CBR News: Brandon, Eric -- tell us about "Frost" and the central concept you've got going here. Who is Frost and what's his mission when the story opens?
Writers Brandon Jerwa and Eric Trautmann team for the grounded military fantasy "Frost" at Monkeybrain"
Eric Trautmann: The central concept is pretty traditional: a tough, relentless government operative is on the hunt for terrorists, specifically attempting to uncover a covert weapons pipeline in the Middle East. When the story opens, we see our operator -- the titular "Frost" -- under cover and attempting to extract a CIA informer from the clutches of a local warlord. His method for doing so is... non-traditional? [Laughs]
There's more to Frost's origin than is immediately apparent, and will form a major component of the story as it unfolds. But for our purposes here, he's a covert operator determined to accomplish his mission.â€¨â€¨How grounded is the series in the real world? Are the situations and characters similar to what a real world covert operative would encounter?
Brandon Jerwa: We're setting these stories in the very real world. Unlike "Shooters," though, this is an action thriller with all the earmarks that you expect -- shadowy organizations, political intrigue, secretive black ops -- but not to the extent of having Frost take on cartoony terrorists. This is more al-Qaeda, less Hydra or Cobra; more Jason Bourne than James Bond, at least in terms of the realism of the universe.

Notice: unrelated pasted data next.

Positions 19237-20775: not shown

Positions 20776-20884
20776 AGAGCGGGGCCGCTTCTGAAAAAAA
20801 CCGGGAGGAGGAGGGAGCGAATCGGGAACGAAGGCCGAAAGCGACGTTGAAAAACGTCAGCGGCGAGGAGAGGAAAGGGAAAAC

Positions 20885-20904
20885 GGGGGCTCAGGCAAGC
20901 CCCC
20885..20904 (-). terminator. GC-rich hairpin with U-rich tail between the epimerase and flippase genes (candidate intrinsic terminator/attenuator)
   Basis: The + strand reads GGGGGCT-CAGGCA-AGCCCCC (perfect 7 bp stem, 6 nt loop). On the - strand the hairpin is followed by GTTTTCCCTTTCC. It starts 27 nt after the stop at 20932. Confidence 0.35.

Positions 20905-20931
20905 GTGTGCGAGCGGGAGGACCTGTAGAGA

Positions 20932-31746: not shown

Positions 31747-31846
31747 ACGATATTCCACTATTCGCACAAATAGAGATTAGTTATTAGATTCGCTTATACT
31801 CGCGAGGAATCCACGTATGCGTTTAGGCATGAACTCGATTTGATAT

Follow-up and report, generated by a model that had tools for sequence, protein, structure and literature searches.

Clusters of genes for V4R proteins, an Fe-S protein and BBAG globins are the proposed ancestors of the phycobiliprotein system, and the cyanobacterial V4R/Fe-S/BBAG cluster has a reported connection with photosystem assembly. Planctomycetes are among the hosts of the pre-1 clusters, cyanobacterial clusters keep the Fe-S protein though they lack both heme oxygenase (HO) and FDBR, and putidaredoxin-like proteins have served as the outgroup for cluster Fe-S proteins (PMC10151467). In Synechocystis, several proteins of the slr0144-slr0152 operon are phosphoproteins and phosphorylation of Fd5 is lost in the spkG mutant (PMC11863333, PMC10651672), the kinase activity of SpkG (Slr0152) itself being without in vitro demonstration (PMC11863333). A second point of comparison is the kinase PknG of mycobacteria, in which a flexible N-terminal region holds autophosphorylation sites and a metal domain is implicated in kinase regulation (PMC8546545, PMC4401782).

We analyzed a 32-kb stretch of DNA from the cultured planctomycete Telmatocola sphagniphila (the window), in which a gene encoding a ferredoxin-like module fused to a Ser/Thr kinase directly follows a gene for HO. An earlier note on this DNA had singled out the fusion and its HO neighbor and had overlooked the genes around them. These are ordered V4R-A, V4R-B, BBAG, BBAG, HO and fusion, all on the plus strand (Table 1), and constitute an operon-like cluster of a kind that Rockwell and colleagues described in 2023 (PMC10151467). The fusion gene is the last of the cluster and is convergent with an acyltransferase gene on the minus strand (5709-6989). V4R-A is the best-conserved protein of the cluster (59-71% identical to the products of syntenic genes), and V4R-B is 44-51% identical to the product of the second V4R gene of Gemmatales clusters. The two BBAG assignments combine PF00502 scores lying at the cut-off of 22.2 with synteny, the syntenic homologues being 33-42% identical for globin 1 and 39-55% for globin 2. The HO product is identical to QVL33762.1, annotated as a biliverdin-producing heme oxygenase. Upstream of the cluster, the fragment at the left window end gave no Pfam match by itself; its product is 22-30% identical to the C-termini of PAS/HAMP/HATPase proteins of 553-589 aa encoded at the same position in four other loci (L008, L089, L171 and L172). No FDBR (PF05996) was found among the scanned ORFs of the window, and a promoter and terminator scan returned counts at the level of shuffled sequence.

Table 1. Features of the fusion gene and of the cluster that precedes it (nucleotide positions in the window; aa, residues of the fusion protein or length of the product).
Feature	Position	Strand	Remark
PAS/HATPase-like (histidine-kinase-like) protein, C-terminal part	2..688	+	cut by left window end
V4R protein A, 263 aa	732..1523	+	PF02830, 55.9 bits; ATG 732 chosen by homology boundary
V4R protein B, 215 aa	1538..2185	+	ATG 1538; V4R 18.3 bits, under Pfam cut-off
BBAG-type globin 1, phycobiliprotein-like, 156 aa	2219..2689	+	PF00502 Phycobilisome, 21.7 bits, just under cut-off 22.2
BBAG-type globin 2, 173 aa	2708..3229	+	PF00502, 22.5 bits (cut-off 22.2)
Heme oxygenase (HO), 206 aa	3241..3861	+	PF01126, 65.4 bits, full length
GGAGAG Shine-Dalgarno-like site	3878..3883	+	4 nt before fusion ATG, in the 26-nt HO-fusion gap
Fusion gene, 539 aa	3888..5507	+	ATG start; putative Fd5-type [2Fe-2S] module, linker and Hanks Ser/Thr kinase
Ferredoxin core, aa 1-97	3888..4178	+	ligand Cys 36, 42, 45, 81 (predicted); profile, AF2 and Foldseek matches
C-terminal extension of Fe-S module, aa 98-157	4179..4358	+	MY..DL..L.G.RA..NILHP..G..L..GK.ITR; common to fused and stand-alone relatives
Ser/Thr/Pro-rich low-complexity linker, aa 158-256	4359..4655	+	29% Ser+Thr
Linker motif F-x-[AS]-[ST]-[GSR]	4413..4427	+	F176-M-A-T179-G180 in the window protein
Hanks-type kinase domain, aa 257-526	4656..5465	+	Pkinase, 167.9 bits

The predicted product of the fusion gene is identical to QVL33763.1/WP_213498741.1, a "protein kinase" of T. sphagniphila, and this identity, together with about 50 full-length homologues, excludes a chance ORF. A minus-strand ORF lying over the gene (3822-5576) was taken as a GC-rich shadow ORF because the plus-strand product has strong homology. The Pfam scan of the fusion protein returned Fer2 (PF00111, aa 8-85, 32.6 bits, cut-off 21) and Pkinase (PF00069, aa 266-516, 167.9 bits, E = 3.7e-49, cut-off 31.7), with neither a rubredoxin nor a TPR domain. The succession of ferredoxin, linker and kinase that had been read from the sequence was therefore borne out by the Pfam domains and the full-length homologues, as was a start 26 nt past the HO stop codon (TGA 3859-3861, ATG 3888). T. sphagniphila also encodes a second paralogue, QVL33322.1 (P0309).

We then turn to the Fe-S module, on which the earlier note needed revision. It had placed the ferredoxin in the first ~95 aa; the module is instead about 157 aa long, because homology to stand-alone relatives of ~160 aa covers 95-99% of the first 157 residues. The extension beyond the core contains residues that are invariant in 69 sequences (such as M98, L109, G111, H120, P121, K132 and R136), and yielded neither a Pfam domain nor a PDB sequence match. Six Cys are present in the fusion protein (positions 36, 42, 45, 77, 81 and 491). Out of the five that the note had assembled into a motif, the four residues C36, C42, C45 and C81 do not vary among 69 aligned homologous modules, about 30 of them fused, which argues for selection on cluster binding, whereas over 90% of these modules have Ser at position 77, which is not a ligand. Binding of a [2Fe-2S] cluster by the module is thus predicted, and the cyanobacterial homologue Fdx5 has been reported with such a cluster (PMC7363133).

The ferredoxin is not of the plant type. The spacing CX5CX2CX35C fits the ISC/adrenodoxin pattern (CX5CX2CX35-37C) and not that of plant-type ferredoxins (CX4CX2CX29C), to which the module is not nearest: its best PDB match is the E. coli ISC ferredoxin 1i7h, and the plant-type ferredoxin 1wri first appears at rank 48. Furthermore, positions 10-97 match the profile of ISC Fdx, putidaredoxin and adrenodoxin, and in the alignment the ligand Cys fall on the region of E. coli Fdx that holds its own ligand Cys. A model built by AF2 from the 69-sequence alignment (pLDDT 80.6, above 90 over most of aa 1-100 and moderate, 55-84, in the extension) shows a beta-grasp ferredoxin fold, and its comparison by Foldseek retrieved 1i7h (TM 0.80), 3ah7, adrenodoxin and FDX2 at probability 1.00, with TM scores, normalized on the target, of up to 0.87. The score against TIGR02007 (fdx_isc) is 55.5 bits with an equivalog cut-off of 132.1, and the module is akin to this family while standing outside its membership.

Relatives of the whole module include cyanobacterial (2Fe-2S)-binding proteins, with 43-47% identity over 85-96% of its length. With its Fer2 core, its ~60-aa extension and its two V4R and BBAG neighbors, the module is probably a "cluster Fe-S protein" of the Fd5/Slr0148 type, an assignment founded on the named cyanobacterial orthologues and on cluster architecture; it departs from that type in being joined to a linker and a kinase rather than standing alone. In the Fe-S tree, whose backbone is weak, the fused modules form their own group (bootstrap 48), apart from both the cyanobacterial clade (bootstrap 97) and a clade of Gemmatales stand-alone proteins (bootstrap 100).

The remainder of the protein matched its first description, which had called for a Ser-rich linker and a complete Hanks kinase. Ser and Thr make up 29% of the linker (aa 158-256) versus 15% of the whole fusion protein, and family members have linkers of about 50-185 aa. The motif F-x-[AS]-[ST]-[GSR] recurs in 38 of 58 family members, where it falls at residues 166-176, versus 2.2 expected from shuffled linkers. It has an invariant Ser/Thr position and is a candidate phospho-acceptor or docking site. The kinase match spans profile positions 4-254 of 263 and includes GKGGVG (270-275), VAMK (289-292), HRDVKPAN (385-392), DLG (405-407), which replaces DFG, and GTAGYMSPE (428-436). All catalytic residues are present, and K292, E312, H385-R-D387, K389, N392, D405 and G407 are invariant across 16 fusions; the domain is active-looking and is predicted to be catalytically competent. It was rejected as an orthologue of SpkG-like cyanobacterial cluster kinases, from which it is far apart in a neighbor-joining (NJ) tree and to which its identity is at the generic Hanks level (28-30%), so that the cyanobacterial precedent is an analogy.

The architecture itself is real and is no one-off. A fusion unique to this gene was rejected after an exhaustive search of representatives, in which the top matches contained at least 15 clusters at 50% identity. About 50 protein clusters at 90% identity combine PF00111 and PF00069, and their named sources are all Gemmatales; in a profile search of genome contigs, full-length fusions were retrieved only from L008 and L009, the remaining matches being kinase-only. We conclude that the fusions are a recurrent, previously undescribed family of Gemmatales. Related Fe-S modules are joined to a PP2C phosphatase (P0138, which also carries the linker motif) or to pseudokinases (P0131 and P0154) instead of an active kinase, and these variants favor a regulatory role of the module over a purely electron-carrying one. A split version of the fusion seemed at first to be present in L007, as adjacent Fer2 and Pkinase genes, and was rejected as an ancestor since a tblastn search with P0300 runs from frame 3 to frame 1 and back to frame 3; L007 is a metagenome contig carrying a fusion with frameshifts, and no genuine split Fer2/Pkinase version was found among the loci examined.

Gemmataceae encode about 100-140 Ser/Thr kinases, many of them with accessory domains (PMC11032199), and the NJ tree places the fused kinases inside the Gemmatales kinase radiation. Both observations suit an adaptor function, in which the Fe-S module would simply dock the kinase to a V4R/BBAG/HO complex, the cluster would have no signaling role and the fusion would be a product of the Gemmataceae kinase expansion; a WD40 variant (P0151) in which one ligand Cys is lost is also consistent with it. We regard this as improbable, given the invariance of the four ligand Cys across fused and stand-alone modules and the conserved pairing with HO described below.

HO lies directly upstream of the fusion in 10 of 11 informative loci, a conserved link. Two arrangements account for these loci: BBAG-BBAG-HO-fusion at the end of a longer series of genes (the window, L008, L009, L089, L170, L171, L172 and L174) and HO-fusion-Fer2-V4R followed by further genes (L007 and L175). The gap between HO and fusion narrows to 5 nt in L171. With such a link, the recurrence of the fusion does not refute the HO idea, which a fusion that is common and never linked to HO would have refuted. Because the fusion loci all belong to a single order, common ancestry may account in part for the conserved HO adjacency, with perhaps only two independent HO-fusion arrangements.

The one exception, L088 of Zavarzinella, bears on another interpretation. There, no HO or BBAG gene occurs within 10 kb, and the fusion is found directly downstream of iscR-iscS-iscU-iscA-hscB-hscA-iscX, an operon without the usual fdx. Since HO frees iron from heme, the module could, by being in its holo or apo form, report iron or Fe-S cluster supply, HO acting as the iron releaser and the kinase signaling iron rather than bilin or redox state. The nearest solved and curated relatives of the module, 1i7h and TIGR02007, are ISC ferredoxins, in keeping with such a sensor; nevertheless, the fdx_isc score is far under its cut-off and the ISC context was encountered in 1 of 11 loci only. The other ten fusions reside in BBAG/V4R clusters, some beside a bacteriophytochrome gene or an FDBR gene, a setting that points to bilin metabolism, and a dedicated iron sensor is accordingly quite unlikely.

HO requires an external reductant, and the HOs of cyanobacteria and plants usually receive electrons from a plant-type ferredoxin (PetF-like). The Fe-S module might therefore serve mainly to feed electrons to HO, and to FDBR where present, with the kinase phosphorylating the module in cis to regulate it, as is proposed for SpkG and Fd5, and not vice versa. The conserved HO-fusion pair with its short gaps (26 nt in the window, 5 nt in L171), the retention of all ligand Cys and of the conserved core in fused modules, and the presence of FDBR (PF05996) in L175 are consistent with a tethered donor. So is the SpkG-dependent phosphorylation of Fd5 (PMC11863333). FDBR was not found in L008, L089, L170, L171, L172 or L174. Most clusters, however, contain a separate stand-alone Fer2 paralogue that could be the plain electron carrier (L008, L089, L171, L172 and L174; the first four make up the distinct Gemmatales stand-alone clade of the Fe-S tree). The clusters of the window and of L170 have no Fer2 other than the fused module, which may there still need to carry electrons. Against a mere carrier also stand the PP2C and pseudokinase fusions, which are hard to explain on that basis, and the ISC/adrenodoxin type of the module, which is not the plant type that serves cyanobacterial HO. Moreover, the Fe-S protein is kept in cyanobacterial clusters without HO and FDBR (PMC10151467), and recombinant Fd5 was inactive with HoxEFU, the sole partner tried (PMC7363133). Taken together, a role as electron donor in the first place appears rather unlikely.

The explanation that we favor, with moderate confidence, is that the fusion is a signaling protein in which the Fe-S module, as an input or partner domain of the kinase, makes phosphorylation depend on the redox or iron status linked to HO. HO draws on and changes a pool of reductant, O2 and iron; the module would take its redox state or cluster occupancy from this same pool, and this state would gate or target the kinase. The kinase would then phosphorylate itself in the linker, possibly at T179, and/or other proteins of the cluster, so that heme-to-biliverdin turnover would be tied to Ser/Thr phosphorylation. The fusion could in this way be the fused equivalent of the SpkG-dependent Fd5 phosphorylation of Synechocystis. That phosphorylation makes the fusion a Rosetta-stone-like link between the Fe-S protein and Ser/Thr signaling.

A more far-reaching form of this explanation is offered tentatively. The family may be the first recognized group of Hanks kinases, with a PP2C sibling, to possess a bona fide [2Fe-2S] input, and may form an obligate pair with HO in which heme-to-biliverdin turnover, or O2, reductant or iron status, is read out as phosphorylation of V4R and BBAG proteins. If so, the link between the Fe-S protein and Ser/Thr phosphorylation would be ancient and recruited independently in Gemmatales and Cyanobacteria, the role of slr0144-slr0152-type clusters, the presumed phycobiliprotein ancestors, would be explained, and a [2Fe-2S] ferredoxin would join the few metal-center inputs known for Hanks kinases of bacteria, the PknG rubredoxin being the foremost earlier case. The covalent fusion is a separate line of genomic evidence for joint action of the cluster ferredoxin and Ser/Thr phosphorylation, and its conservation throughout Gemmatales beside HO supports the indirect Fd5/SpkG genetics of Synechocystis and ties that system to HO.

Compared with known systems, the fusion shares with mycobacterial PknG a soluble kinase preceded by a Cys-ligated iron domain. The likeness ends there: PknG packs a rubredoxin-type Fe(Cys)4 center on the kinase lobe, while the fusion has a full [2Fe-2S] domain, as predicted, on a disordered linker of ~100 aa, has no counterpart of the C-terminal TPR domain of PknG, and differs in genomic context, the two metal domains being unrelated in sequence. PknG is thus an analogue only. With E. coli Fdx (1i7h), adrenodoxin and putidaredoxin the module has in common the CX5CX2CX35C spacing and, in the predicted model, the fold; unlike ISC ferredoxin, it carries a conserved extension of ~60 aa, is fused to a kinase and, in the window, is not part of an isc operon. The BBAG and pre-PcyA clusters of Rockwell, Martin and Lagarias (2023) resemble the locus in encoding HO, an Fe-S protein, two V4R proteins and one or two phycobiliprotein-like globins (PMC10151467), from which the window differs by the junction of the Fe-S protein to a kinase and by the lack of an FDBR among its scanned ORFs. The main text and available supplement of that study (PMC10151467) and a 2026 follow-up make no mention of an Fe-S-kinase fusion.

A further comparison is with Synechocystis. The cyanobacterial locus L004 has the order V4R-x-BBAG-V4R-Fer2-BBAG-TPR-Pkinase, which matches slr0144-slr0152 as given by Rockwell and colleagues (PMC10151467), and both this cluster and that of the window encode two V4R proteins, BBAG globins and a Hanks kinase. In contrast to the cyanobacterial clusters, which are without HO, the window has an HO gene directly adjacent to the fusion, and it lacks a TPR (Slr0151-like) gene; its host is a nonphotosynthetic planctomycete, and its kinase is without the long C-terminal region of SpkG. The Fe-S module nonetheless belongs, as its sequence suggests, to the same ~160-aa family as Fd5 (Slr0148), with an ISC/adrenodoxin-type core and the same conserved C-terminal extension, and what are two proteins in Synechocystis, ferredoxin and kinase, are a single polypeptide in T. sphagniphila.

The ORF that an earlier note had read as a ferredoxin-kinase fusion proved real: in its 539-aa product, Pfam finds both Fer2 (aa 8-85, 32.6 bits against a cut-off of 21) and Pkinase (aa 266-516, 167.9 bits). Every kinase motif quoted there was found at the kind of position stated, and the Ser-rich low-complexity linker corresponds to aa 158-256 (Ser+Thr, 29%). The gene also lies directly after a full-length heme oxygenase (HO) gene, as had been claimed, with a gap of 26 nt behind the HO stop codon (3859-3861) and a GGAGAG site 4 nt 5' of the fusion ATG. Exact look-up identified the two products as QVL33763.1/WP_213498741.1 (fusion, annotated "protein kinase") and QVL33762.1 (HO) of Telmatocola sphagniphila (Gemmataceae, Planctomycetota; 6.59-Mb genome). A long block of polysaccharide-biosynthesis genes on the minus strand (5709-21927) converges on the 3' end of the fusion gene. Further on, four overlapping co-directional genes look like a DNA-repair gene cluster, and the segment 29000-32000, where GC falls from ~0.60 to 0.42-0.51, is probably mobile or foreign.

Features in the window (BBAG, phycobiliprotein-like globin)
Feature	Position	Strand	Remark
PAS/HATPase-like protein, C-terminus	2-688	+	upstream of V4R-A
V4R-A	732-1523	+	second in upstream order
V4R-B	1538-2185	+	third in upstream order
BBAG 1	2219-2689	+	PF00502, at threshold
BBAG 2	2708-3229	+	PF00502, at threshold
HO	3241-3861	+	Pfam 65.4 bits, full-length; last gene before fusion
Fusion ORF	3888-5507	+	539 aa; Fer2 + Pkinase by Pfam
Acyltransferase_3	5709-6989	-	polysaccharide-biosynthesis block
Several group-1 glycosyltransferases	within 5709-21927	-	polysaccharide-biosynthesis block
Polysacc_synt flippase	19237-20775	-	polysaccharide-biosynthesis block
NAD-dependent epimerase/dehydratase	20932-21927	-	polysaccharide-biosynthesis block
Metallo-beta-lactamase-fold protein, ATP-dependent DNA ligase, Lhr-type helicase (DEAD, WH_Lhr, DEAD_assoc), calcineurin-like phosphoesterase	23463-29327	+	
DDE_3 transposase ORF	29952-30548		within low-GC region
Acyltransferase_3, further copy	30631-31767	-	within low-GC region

Trautmann: I'd call it "grounded military fantasy" if pressed.â€¨â€¨The book seems to tap into a genre of pulp that's gone dormant in comics for a while. What was the process like for tapping into that espionage/spy adventure/thriller grindhouse genre?
Jerwa: This started with Giovanni coming to me, hoping to do something with a military action bent. I came up with the core concept and wrote a script for the first issue. At this point, I tried to tag Eric in -- but he was still coming down from the "Shooters" experience, and was, understandably, reluctant to get back into military fiction. Weeks went on, and Eric stayed in the loop. I knew this was exactly the kind of thing that he and I should be working on together, so I basically just kept talking about it -- and he finally caved in. Once Eric signed up, we started retooling, and the book became exactly what it was supposed to be all along.
Trautmann: ...which is an apt summation of our entire collaborative process.
I was, indeed, rather reluctant to dive back into military themes, as I've navigated those waters quite a bit over the course of my career, and "Shooters" (a Vertigo OGN Brandon and I wrote and illustrated by Steve Lieber) was a wrenching book to write. For over three years, I was immersed in the research, interviewing soldiers, reliving a terrible personal tragedy within my own family that formed the crux of the book -- I was really, really not sanguine about tackling that kind of subject matter again.
I'm not sure entirely when we hit on some of the material we drew inspiration from, but there's a certain right-wing -- almost operatically reactionary -- feel of Bad Men's Adventure Fictionâ„¢ that struck a chord with us (which is odd, given my own political leanings, which tend to veer way left of center here).